I want know what you believe is the most plausible argument for God's existence. If you don't believe that any arguments for God are plausible or have any merit whatsoever that's fine too.

None, since I am an ignostic to some extent (that i in ignostic was not a typo) means that all arguments for or against God are meaningless until a well-defined definition of God is given.

When a well-defined definition of God is given, then no, none, for a multitude of reasons.

But what if the arguments themselves logically determine the characteristics of God?
Thanksfornotraping
Posts: 238
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11/11/2014 10:31:15 AM
Posted: 2 years ago
At 11/11/2014 10:27:16 AM, Beastt wrote:
At 11/11/2014 10:23:55 AM, Thanksfornotraping wrote:
At 11/11/2014 10:15:38 AM, Beastt wrote:
At 11/11/2014 10:11:28 AM, Thanksfornotraping wrote:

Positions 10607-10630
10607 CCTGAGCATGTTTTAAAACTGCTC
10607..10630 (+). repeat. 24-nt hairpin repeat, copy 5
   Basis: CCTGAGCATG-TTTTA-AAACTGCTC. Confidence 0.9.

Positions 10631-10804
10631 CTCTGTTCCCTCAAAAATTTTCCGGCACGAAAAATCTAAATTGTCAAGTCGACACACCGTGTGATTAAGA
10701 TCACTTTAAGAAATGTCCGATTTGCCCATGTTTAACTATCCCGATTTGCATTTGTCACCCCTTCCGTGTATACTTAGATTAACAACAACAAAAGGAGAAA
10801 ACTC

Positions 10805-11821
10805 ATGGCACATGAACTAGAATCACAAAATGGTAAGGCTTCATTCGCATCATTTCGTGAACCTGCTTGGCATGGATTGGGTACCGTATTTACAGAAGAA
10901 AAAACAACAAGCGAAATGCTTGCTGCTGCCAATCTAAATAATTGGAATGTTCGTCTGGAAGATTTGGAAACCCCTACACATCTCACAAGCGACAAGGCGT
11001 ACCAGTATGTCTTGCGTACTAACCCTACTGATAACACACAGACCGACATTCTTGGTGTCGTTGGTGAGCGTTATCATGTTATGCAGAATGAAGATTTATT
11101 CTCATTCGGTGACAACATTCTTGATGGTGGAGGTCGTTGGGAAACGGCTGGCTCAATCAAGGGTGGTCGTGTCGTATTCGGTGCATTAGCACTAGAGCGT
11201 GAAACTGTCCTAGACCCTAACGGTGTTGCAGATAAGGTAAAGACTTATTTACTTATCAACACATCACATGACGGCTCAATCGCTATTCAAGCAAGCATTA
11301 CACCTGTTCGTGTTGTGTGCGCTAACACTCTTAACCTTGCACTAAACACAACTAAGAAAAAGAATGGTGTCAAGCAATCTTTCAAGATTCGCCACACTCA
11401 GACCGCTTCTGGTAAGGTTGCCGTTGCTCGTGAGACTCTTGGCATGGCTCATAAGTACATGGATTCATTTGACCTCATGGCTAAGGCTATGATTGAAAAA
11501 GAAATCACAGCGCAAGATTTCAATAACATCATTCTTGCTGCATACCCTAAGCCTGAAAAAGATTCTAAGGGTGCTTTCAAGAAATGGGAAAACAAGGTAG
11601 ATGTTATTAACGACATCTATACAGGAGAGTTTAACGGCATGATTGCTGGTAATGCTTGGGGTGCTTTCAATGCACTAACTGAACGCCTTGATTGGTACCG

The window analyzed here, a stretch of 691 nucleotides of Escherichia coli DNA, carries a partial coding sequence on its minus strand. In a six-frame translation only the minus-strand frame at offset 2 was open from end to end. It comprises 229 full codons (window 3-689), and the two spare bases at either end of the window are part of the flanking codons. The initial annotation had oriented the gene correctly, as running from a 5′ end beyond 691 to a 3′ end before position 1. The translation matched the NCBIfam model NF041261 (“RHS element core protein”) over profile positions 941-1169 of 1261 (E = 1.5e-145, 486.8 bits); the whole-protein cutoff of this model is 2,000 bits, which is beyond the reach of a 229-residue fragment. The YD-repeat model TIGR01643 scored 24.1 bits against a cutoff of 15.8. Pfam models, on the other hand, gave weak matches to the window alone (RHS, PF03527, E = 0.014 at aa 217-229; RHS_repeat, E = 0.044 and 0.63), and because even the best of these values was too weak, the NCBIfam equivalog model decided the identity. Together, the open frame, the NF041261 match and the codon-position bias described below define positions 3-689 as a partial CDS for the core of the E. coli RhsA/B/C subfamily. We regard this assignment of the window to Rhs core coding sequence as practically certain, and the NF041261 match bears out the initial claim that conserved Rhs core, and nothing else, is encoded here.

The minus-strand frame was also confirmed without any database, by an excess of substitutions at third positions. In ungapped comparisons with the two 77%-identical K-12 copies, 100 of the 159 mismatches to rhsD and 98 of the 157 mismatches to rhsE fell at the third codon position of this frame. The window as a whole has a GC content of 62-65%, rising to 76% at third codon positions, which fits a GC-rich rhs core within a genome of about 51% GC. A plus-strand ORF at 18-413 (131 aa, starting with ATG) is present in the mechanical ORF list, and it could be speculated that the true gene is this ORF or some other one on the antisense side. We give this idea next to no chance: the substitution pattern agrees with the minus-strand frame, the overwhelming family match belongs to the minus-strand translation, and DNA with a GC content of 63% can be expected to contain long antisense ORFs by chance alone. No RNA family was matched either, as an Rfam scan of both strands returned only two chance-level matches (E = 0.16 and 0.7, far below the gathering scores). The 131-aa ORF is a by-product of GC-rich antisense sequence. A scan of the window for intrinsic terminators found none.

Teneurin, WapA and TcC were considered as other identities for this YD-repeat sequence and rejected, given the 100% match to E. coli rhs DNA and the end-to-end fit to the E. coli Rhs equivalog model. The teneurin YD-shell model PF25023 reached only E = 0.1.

There is no rational argument for God. God can only be experienced. If you haven't had a revelation as to the existence of God, no amount of talking can get one to know for sure that there is a God or Gods. One may believe in a God without proof, as many do, but that belief is not proof of any Gods.

He sounds a bit like the pink elephant of ethanol fame, or the colors, the colors, man. Can't you see the colors? (of LSD)
Is God more, or less real than a hallucination? Why?

Much more real than a hallucination. Now I can't speak for other people, but my experience was momentary, profound, very emotional, and it gave me (my) absolute proof that a God exists, and that we are all made from God (as in we're perfect).

How many hallucinations have you had?

A few- many times when I've been sick growing up (usually a high grade fever) and every time I did 'shrooms. They were 100% different than my revelation experience.
Envisage
Posts: 3,646
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11/11/2014 10:34:45 AM
Posted: 2 years ago